Am I right in thinking it is just in one quad/leg.
If so, working out why that is might be the best thing - both legs have run the same miles, so why is one suffering sooo much more?
Can't be the running - the other leg is fine - that leg can cope with the running mileage.
There is an imbalance somewhere.
There is something is your life - probably completely unrelated to running that is stressing one leg more than the other.
Like when Man U finally got to the root cause of Giggs's persistent left hamstring problems – the overly stiff clutch on his new Ferrari.
Most people’s jobs, or something else in their lifestyle, involve an unbalanced use of their muscles.
Usually this doesn’t matter – until that person starts over-stressing all those muscles with, for e.g., distance running.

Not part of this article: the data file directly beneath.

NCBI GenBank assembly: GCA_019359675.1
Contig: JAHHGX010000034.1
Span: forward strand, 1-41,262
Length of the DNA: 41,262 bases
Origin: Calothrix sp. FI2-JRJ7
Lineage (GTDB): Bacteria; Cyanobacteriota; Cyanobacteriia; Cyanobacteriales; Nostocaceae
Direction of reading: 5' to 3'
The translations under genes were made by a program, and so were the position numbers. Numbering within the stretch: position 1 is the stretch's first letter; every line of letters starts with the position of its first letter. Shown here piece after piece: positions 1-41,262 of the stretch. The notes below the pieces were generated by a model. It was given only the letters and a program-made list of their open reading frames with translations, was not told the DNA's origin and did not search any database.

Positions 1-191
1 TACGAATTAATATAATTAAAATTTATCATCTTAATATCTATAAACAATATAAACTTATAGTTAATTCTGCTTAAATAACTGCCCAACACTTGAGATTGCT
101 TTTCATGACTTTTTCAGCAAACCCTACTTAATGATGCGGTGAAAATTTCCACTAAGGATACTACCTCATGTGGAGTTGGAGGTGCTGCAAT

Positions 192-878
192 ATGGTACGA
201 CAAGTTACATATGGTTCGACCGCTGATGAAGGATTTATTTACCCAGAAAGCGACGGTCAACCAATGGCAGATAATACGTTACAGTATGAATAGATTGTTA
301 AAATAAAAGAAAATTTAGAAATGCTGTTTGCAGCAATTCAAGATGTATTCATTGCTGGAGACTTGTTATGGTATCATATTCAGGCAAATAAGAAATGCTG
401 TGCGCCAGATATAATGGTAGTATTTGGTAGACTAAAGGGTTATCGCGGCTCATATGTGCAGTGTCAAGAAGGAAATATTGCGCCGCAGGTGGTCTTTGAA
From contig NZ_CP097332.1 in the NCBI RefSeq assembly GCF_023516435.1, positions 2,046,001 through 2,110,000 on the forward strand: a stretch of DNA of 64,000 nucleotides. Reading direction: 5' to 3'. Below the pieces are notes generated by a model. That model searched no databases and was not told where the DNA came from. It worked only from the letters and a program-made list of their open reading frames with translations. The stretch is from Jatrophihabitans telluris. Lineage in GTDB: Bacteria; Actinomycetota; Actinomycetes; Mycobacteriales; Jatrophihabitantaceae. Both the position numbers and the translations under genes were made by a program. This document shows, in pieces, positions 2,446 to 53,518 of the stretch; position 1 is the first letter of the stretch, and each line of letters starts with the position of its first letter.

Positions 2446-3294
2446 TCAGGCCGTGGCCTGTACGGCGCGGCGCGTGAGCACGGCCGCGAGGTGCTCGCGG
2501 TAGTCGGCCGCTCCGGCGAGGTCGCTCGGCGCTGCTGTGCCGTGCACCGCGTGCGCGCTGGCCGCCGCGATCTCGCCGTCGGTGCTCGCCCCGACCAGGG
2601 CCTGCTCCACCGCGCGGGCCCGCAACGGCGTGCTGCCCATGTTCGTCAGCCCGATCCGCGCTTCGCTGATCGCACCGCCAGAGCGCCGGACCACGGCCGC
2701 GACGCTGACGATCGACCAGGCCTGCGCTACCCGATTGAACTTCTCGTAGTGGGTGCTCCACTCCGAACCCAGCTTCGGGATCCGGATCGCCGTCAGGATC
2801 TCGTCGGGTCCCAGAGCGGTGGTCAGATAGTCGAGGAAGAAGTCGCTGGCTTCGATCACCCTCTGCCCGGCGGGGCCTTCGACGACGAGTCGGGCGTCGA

I once treated a runner, whose one sided injuries we put down to the fact that he spent most of his working day kneeling – on one knee – and always the same knee - for years. This resulted in a (relatively) chronically shortened hip flexor and calf on the on the non-kneeling knee.
If you find there might be something like that out there – that might be the start to getting to the route of the problem.
With the "natural" method, the customer relies on, and has to trust, the salespersons spiel about what they've seen, what that means and what shoe they then need etc.. the fact that they were, for example, rolling in in the neutral shoe and the stability shoe that they were fitted with sorted it etc...
With the "video" method, they get to see themselves rolling in, and then see themselves not rolling in in the stability shoe.
The visual confirmation and the subsequent placebo effect of that should not be underestimated.
The customer will end up in the same shoe either way - but are almost certainly more likely to go away and "run happy" in the shoe they believe in more by their own visual affirmation that it does the job.